Dall’8 Marzo, giorno dell’annuncio del blocco, causa contenimento Coronavirus, per la Lombardia e una dozzina di province, compresa quella al confine con la mia (Ancona e Pesaro-Urbino), sono andato a far spesa 4 volte e solo l’ultima volta, giovedì scorso, ho trovato un po’ di farina disponibile, ma niente lievito per dolci ahime. Possibile che tutti stiano a panificare? 3 diverse amiche mi hanno confermato, al telefono, che stavano sfornando pizza e altro come non facevano da tempo, poi oggi, a conferma, mi sono imbattuto in Paolo Giordano sul Financial Times:
Apparently, during the Italian lockdown there has been an increase in the consumption of yeast and flour, the basic ingredients for pizza and cakes. I’m doing it too: I’m kneading and baking more than ever before in my life. It’s a typical Italian thing and should reassure those who from afar want to continue to think of our balconies overflowing with flowers and our tables set for a feast, not this previously unknown version of Italians, silent and worried behind their masks.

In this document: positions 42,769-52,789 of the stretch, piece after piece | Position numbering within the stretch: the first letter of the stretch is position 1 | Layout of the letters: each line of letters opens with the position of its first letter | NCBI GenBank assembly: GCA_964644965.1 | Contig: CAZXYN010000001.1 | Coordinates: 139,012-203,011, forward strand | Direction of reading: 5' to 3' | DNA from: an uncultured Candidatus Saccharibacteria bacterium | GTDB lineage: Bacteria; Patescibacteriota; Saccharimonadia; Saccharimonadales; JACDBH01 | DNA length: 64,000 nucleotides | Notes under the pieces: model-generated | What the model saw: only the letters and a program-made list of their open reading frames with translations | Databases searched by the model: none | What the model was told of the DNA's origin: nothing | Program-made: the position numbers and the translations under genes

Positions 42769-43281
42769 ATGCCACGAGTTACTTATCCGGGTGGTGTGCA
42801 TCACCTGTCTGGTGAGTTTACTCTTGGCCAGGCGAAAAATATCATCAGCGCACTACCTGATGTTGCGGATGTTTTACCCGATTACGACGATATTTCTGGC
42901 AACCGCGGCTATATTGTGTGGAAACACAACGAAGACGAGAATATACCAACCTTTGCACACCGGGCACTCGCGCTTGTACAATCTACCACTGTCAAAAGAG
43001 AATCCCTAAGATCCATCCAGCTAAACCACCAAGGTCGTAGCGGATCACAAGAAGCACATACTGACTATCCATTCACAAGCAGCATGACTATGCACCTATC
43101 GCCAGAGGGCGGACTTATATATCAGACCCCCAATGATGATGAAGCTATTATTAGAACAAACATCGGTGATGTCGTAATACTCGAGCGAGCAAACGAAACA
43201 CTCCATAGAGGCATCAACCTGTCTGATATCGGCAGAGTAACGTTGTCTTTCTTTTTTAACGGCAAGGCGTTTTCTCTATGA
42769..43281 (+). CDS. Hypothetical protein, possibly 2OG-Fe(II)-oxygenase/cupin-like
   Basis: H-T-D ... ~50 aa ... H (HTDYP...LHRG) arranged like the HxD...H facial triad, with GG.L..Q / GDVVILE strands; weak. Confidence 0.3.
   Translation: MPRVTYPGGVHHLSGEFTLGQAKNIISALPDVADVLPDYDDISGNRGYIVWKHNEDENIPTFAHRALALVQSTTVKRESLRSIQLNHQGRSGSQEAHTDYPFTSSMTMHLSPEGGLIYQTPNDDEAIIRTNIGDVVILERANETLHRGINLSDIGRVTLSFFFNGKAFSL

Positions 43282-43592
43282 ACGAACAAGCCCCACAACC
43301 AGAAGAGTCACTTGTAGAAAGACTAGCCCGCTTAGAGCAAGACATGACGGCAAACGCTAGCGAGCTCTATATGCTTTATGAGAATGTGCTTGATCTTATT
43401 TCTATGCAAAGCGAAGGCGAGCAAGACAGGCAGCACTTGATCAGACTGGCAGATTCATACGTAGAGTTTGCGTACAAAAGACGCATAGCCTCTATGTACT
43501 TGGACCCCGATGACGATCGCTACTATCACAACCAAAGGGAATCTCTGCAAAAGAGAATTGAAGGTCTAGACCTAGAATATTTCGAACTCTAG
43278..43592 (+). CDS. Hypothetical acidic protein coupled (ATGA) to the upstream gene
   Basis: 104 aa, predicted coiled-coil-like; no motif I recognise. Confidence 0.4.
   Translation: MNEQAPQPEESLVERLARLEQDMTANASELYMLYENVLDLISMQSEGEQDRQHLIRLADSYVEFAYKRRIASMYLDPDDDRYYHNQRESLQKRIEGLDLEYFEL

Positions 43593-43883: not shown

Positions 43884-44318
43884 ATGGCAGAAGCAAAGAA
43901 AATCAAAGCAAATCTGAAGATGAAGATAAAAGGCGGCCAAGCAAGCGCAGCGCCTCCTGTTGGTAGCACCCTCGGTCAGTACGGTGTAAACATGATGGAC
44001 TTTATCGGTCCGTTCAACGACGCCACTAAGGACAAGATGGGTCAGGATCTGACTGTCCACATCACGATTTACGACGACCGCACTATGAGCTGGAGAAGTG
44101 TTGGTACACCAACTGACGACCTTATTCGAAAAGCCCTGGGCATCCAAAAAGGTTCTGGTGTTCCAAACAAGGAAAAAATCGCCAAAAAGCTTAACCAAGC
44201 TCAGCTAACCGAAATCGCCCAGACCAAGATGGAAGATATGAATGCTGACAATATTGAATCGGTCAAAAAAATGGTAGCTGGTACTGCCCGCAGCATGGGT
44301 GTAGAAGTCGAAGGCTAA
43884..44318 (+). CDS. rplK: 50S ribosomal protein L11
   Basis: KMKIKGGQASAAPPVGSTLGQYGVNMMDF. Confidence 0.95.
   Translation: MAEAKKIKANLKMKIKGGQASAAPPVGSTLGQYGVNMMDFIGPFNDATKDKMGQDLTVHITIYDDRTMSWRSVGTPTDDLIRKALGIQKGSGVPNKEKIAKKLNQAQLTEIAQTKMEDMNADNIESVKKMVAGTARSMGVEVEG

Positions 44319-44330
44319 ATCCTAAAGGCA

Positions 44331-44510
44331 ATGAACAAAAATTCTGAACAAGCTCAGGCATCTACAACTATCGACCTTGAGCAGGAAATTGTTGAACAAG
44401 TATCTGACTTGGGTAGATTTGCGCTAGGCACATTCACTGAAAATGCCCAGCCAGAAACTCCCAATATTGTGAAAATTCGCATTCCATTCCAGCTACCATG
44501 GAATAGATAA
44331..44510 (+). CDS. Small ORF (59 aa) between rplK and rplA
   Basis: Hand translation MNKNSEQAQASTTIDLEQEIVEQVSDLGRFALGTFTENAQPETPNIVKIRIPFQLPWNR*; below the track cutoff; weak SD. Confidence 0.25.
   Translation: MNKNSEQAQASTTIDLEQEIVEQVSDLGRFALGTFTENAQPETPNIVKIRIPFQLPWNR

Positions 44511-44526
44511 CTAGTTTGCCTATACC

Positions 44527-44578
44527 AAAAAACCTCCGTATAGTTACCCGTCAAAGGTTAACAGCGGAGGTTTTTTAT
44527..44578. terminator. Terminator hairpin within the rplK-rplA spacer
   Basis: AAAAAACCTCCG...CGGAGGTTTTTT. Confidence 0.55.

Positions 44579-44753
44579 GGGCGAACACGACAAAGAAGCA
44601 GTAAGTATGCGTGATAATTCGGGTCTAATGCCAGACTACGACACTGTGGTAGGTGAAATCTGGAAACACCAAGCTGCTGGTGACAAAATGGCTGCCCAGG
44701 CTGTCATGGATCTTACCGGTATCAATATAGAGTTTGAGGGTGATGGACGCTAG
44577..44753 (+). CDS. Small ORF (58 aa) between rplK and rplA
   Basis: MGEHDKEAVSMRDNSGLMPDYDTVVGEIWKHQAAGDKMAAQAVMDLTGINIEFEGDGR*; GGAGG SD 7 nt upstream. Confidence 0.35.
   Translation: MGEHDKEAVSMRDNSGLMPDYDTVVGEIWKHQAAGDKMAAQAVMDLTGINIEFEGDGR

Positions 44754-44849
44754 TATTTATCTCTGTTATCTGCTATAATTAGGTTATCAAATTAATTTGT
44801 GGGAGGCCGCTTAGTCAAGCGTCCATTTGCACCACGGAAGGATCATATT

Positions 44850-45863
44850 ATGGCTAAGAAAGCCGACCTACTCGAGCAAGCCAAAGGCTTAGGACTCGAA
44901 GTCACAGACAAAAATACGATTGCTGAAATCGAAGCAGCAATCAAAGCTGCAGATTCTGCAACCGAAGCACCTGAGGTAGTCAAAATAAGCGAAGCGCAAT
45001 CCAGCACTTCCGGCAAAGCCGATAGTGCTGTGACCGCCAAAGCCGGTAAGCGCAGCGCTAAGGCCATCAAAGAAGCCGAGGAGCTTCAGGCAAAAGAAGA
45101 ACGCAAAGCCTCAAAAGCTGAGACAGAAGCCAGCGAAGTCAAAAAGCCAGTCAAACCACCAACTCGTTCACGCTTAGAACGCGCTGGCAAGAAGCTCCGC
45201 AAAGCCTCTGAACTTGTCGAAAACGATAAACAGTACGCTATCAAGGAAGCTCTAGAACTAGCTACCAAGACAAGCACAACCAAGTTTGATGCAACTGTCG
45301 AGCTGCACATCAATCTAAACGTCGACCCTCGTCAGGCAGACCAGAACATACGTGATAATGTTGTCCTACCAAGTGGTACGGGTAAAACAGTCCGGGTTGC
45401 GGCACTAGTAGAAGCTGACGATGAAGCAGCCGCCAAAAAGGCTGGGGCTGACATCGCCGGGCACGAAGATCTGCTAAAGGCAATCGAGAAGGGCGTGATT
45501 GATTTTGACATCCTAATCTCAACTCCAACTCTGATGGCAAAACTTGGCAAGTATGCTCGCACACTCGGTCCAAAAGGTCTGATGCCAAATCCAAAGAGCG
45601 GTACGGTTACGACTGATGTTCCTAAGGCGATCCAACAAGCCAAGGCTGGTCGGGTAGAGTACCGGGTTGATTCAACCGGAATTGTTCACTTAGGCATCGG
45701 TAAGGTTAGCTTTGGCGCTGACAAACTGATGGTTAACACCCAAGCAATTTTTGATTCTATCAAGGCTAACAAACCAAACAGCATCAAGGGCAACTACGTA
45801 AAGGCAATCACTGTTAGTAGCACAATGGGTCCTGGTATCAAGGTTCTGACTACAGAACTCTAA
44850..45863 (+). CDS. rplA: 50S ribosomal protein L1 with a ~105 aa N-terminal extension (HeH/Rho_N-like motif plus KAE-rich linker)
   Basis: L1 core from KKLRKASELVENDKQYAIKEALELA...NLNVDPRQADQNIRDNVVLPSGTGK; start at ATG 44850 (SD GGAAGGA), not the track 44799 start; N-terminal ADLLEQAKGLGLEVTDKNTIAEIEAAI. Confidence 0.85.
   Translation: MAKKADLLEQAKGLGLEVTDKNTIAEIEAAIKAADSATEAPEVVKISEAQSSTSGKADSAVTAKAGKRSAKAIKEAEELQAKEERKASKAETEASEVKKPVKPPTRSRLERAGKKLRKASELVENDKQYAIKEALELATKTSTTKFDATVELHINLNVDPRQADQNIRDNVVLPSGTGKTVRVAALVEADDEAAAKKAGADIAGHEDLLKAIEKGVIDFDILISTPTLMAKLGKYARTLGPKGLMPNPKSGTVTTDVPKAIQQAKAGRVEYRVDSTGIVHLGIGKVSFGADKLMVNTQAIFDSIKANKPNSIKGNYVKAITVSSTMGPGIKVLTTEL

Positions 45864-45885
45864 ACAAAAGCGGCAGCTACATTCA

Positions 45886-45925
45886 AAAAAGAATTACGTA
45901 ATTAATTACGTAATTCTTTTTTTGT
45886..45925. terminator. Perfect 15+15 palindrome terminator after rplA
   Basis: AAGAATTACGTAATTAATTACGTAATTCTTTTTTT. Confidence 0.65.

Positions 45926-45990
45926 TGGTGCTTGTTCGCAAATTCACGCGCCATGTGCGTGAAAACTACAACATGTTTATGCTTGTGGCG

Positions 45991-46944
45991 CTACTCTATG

But I have barely touched the cakes I have been baking. I just have this urge to knead: to give shape to messy matter, to flatten it, to roll it out, to make it homogenous, then roll it again, spread it a second time. I just need to be able to control something — anything — while the structure of space and time seems to have escaped my comprehension.
Il fenomeno però non è solo italiano, a leggere il Washington Post:
The coronavirus has created the perfect environment for a surge in bread-baking. People suddenly have time around the house to do fiddly things they wouldn’t normally, like proofing yeast and monitoring rising dough.